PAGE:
Bernard and Dr. Candance Burns of the College of Nursing, assumed leadership of the Sunshine ERC in 2008.

According to Bernard, with growing support from NIOSH, the Sunshine ERC affiliated with the University of Puerto Rico (UPR), expanded interdisciplinary activities and enhanced outreach into underserved populations.

Sunshine ERC students and staff at American Industrial Hygiene Conference and Exposition in May 2019. (Photo courtesy of Cathy Silva)

“This momentum carried us into the current funding cycle with the addition of UCF to support research training directed at the hospitality industry, Embry-Riddle Aeronautical University for a new vision of occupational safety, and programs with UPR in disaster resilience for workers. Further, we now have a supported online program in health, safety and environment,” Bernard said.

The Sunshine ERC focuses on providing training that reflects the needs of key industries in Florida and emerging issues of the nation.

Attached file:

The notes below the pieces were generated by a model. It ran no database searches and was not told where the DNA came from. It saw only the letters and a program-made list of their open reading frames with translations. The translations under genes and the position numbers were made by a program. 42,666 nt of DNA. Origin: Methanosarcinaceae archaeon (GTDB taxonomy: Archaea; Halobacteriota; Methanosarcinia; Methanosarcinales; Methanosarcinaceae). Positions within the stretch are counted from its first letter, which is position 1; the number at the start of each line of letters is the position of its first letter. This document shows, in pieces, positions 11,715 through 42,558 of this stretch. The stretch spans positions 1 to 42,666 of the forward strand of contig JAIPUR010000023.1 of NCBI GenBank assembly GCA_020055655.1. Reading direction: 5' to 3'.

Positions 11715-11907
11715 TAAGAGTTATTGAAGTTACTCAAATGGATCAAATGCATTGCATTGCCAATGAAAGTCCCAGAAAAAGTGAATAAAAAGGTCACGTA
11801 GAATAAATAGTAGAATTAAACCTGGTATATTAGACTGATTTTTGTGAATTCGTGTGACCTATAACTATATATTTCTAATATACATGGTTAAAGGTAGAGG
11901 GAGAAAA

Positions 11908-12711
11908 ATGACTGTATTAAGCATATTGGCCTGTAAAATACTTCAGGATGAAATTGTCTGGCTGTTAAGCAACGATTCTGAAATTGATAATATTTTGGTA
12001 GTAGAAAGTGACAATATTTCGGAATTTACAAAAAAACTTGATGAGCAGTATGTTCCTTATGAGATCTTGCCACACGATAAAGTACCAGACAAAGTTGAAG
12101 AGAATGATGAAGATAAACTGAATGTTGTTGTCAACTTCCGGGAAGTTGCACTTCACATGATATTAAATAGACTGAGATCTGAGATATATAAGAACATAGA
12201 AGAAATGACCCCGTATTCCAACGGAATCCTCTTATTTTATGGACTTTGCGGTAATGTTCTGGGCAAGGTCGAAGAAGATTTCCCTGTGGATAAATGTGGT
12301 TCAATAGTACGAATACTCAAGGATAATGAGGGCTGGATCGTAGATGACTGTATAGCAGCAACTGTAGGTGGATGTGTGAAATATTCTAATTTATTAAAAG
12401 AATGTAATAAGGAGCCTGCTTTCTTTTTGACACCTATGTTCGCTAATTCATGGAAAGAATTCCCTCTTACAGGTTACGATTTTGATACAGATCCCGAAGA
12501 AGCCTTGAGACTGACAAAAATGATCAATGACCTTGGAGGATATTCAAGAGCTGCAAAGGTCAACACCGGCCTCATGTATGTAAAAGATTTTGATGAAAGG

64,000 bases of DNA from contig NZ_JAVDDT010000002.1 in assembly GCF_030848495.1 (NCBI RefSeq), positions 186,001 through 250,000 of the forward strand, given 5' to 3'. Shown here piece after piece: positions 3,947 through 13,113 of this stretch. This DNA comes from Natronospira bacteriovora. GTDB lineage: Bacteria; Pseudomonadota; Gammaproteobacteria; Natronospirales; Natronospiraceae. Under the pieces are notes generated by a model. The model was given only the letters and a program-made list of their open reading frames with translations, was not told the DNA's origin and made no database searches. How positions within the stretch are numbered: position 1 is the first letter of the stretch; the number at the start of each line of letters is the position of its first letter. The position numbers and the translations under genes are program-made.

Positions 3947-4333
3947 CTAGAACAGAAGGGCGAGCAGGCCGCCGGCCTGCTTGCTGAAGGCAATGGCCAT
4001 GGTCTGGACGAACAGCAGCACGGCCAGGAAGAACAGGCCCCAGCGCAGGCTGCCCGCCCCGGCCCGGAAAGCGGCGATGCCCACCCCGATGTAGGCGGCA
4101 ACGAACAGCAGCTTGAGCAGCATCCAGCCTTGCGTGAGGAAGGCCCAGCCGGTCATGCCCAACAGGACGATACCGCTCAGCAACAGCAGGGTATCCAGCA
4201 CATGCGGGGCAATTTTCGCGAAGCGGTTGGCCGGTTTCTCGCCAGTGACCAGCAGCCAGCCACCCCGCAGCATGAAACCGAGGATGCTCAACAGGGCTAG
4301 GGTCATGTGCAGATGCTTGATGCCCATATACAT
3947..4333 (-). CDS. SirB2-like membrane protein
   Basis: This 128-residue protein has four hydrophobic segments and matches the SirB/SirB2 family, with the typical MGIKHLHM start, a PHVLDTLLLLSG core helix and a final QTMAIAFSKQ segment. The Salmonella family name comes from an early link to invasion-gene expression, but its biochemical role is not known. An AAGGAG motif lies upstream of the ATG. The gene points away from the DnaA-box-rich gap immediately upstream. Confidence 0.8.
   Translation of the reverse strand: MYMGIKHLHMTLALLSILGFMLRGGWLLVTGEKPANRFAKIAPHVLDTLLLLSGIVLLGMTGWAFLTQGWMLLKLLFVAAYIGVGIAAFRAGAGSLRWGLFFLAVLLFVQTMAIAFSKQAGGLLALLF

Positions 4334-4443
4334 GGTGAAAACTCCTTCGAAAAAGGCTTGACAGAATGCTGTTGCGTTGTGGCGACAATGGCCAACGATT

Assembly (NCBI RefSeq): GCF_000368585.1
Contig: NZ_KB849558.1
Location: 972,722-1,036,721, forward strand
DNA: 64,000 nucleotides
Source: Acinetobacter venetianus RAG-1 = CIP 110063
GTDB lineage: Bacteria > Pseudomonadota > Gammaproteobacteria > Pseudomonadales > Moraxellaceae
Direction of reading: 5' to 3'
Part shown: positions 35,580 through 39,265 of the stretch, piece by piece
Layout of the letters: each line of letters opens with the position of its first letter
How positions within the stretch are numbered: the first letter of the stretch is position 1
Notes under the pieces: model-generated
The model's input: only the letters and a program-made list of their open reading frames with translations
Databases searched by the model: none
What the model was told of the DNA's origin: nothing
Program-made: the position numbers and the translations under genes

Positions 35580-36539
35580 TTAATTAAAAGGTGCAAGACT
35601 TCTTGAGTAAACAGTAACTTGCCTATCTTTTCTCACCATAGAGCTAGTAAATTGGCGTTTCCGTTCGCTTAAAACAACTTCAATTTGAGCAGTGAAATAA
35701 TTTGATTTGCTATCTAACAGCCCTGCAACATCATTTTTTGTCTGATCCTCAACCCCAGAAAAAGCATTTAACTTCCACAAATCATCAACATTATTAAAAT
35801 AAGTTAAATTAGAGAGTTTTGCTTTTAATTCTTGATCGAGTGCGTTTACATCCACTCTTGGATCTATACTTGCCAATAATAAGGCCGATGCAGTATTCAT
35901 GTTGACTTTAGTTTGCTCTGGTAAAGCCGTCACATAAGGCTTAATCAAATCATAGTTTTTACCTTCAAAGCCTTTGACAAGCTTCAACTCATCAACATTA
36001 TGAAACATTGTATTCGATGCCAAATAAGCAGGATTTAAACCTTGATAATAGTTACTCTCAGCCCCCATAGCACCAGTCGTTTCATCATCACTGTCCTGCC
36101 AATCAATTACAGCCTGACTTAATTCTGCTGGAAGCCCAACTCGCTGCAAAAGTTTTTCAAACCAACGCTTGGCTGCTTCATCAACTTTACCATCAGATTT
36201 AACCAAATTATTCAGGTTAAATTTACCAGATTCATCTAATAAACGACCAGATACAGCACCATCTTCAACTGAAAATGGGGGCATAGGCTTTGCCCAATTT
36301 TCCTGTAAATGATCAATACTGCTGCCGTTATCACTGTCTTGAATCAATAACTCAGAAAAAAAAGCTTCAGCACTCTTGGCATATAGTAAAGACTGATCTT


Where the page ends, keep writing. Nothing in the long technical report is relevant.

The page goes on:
“Students in the Sunshine ERC receive solid training in their chosen field,” Bernard said. “The real value-added is further experience in interdisciplinary activities to better prepare them for the practice of occupational health, safety and wellness.”

Trainees spend time with peers from across disciplines in public health, nursing, and medicine at USF, psychology at USF and UCF, hospitality at UCF, and aviation at Embry-Riddle, according to Bernard.

Industrial Hygiene and Occupational Exposure Science alumni at Sunshine ERC night at American Industrial Hygiene Conference and Exposition 2019 in Minneapolis, Minn. (Photo courtesy of Cathy Silva)